Why Email Marketing Still Matters
Despite the growing popularity of social media marketing, email marketing is still going strong — and that’s not about to change any time soon. Here are five reasons not to ditch email in favour of social networks:
Email is more professional
Yes, Facebook might make for quicker communication and higher levels of engagement, but it also seems less sincere and less professional. Besides, you’re limited in what you can say on social media, whereas there aren’t any character limits on an email. B2B companies in particular are better off using email for marketing purposes, but anyone wanting to be taken seriously can benefit from using both.
Your audience is more interested
Not everybody uses social media — but everyone who uses social media has an email account. Some people just use social networks to keep in contact with friends and family, and won’t be interested in being sold things when they’re online. When it comes to email, everybody on your mailing list has actively opted in to your communications — meaning that they are interested in what you have to offer, and are happy for you to communicate with them in that way.
It doesn’t matter when your customers are online
When you send a Tweet, you’re only going to reach people who are online at that time. A Facebook post is even worse — not only do you risk your audience not being online, but Facebook’s latest monetising scheme means that the number of people who actually see your message will be pretty insignificant, unless you pay to boost your reach.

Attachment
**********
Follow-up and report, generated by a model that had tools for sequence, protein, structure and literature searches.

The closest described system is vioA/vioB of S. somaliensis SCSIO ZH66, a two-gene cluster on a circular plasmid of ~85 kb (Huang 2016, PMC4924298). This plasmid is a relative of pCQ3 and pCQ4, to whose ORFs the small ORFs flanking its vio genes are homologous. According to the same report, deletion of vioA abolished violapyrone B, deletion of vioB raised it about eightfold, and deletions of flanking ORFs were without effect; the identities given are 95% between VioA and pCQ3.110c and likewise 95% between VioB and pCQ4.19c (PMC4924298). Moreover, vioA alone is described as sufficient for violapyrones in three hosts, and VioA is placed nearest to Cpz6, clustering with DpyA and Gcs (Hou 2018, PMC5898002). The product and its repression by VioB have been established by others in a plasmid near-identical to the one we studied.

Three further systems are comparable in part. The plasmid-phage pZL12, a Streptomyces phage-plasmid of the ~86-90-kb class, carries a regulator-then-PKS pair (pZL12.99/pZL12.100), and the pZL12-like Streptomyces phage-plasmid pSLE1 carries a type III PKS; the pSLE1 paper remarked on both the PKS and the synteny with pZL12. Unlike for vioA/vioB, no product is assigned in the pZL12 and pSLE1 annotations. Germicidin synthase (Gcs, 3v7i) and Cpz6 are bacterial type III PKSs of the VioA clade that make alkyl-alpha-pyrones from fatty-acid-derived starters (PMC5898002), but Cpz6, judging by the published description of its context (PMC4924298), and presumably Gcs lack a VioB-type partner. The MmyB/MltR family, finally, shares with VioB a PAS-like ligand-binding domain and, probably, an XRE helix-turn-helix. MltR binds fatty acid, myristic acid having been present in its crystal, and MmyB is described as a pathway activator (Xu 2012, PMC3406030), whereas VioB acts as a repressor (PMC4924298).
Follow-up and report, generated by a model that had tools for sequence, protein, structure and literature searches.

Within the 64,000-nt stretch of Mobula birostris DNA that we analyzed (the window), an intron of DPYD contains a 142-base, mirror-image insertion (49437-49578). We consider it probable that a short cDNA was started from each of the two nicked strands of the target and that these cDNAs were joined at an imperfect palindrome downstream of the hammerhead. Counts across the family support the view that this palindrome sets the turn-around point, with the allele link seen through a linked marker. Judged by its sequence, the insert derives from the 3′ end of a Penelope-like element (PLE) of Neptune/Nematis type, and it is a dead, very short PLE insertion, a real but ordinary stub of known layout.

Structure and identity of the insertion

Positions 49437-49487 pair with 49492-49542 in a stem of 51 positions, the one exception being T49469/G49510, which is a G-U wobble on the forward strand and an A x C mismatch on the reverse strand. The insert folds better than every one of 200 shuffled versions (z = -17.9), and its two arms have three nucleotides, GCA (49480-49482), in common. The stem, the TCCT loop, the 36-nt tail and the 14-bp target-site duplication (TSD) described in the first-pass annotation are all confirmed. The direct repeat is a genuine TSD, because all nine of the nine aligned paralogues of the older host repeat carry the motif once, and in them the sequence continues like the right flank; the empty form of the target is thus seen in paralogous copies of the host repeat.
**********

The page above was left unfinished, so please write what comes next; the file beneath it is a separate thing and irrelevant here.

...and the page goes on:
With email, you don’t have to worry about any of that — recipients can open your emails in their own time, and refer back to them at a later date. Emails don’t go anywhere, unlike posts on social media. If a customer goes on holiday and doesn’t check their emails for a month, yours will still be there waiting for them when they get back.
Email is more personal
This might seem strange, considering social media’s reputation as being more intimate. Think about it, though — a tailored email message (always use customers’ names where possible) is actually more personal than a Facebook post aimed at every fan of the page.
Entering into a conversation on a Facebook post can be quite intimidating for customers who only want to speak with you, and there’s also the fact that Facebook will share users’ comments with their friends. A customer might want to ask you a question about a product, but not want to spam all their contacts with a conversation that isn’t relevant to them. People are becoming more and more concerned about online privacy settings, and this may discourage some users from contacting you on social media.
Social networks come and go
Teenagers are already turning their backs on Facebook in favour of newer, more visual networks (like Snapchat) that they’ve discovered for themselves. They don’t want to be using the same websites that their parents and older siblings favoured. In a few years, Facebook might even go the same way as Myspace. As social networks rise and fall in popularity, email remains a constant — it’s reliable, widely used, and essential to most online activity.
By Sam Wright
Sam Wright is a freelance writer and marketer.